Pocket borough of two families
Kairana has seen two families — said to be descended from a single clan, with a branch having converted to Islam — representing it since the 1970s. BJP Gurjar leader Hukum Singh won from here seven times as an MLA and once as an MP in 2014.
Hukum Singh started his electoral career with the Congress in 1974 when he won his first assembly election from Kairana.
Later, he won the assembly seat on a Janata Party ticket. After joining the BJP in 1995 he represented the seat four times and was elected to the Lok Sabha from the corresponding Kairana parliamentary constituency in 2014. He remained Kairana’s MP until his death in 2018.
A minister in the Kalyan Singh and Rajnath Singh governments, Hukum Singh was considered a leader of the Gurjar community in UP. In this election, his daughter Mriganka Singh is making her third attempt to win this seat.
Meanwhile — in a parallel career — Munawwar Hasan, father of Nahid Hasan and Iqra Hassan and husband of former MP Tabassum Hasan, was a major figure in Kairana’s politics until his death in 2008, having been associated with both the SP and the BSP over his long career.
He represented Kairana thrice — in the assembly between 1991 and 1996, and in the Lok Sabha in 1996-1998 and 2004-2008. His wife, Tabassum, won the Lok Sabha seat in 2009, and in the 2018 bypoll, when she defeated Mriganka after Hukum Singh’s death.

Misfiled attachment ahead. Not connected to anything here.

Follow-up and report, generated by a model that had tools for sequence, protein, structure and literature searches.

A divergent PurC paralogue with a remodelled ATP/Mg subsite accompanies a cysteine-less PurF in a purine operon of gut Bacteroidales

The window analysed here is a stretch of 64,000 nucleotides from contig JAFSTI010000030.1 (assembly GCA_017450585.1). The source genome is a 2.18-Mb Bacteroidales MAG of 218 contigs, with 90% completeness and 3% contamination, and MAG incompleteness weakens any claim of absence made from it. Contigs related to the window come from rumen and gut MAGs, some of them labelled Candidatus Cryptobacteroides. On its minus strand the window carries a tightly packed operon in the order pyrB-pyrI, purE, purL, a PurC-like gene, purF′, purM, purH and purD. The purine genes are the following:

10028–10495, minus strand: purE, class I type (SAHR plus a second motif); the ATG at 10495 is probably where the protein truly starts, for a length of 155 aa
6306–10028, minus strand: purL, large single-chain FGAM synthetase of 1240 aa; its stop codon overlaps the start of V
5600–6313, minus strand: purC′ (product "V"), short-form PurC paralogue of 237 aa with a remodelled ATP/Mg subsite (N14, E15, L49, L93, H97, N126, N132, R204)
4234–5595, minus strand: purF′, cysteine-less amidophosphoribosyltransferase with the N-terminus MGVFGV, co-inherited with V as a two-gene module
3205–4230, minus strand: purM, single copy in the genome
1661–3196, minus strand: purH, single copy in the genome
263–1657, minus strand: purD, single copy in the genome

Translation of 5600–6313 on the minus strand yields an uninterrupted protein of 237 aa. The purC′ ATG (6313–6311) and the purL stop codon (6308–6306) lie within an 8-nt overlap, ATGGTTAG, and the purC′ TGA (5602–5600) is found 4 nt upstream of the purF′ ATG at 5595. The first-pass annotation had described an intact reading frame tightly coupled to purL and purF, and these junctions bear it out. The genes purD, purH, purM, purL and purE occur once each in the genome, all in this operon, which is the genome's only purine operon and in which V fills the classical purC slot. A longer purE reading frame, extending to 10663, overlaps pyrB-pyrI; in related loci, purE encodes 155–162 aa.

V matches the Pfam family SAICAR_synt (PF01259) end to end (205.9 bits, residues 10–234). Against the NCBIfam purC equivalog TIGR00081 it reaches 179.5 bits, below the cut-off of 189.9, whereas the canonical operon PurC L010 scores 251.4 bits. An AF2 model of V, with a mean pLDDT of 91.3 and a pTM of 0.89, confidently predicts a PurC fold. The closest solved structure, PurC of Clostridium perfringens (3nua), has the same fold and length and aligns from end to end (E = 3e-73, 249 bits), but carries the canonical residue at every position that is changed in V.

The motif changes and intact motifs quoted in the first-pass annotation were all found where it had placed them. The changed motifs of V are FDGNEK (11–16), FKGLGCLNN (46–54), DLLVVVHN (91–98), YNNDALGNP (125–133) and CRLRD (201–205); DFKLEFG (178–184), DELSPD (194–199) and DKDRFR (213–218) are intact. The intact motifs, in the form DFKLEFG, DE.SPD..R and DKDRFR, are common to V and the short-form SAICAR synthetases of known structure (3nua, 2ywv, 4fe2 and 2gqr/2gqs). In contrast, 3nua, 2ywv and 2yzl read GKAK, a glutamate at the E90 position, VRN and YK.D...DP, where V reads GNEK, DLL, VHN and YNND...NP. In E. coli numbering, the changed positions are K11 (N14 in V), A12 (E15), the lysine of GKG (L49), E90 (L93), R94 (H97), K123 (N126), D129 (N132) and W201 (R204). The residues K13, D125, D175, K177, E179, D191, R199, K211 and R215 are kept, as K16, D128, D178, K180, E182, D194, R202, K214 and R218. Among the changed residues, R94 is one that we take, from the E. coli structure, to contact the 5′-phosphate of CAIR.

“Hukum Singh’s family is very respected and my father had a good relationship with him despite being in a different party. We still share a good relationship,” says Iqra.
Mriganka says, “Last time, I lost the election with a margin of just 20,000 votes. We are making the region’s development the main issue, and people also want a good law-and- order situation and peace in the area.”
Why is Kairana important for every political party?
Despite having won 51 out of the 71 seats in western UP in 2017, the BJP feels that the year-long farmer’s protest against the now-repealed controversial agriculture laws may dent its chances in the assembly polls.
The party is concerned about the probability of Jat votes shifting in the region. The region has traditionally supported the Samajwadi Party and the Rashtriya Lok Dal (RLD), with Jats being the dominant Hindu demographic, alongside a sizeable population of Jat Muslims.
A senior BJP leader said, according to their calculations, “in the last election we got 80 per cent of Jat votes from this area”.
“Our effort is to break the Jat vote bank. We are hopeful of polarising Gurjar, Saini, and most Dalit votes. But to defeat the SP and RLD, we need Hindu mobilisation. This will not only benefit Kairana but the entire state,” he added.
Kairana votes in the first phase of the polls on 10 February.
(Edited by Rohan Manoj)